The Current State of Adult Education

So often when we talk about education, we’re talking about school aged children. Realistically, that is what is most relevant to Edudemic readers based on who we hear from (lesson here: speak up if you want us to share things more geared towards other types of teachers!). In reality, there are many, many adults participating in the educational landscape – from the student end. With the job market moving towards being more technologically based than ever before, more adults than ever are heading back to school – or going for the first time. With so many jobs becoming STEM based and many requiring postsecondary education, this should come as no surprise. The handy infographic below takes a look at the current state of adult education – showing just how large a chunk of education is dedicated to adult learners. Keep reading to learn more!

The Current State of Adult Education

  • In the US adult education is a $104 billion industry
  • 38% of all postsecondary learners are adult students
  • Adults represent the fastest growing population  in higher education
  • The average tuition for community college is $3,131, for public college $8,893, and for private college, $29,056
  • 85% of employers offer some type of reimbursement for tuition
  • The student financial aid and scholarships office awards $320 million in scholarships annually, and 78% of applicants receive some sort of financial aid from them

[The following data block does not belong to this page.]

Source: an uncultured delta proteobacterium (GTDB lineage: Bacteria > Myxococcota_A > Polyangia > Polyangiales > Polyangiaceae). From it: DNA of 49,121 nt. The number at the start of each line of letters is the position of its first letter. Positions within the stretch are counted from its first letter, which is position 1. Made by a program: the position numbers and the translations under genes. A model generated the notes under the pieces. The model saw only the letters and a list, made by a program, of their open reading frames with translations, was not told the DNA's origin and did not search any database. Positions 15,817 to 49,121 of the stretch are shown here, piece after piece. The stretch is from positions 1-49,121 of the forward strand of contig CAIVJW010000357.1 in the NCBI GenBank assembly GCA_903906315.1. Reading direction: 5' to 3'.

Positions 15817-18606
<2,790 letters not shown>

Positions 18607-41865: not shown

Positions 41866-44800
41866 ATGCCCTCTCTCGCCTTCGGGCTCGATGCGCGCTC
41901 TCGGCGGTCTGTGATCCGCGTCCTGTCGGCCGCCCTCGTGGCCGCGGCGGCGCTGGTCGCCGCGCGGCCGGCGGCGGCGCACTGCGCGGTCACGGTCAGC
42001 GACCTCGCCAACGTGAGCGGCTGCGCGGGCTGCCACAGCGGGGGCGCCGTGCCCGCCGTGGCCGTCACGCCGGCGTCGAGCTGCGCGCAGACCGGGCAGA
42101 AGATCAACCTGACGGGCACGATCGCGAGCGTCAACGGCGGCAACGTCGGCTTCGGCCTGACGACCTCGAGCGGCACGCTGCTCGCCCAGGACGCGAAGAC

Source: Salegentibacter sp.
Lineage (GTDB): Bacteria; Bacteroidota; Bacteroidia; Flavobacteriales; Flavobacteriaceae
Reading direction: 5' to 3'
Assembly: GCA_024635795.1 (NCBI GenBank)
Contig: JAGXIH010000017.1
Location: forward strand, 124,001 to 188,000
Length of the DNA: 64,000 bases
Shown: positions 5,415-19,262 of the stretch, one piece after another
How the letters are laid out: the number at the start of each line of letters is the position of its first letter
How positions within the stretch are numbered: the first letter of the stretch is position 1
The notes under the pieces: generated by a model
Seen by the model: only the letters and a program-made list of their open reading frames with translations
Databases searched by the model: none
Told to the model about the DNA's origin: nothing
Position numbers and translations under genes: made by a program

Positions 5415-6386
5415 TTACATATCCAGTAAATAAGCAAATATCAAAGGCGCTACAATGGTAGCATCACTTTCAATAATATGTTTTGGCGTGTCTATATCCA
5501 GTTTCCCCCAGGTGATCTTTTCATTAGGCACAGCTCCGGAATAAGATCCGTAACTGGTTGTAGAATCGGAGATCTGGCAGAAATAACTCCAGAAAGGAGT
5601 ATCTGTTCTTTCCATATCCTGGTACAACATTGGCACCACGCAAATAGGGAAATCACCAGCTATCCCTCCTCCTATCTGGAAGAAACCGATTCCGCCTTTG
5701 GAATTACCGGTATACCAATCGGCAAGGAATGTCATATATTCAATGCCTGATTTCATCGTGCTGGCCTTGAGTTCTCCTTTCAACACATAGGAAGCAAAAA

• Personal growth, learning something new, and keeping up with the job market are the main reasons adults say they go back to school
  • 80% of baby boomers intent to keep working past retirement
  • 62% of baby boomers think they need to attain new skills to continue working
  • Adult students who go back to school show a 22% return on their investment, as opposed to a 12% return for traditional students


adult education


  1. B Anna

    June 19, 2014 at 7:19 am

    The current state of education across the globe has taken a huge turn. While it is heartening to see the condition of the system as well as students improving and developing, a lot many things still need to be taken up on a more serious note to give students maximum opprtunities to succeed.

  2. Margot R

    June 23, 2014 at 10:32 am

    It would be great to have more articles on adult ed, specifically mature high school.


  3. Sarah

    July 9, 2014 at 1:11 am

    I’d also love to hear more about adult education, as a TAFE (technical and further education) teacher in Australia. Thanks :)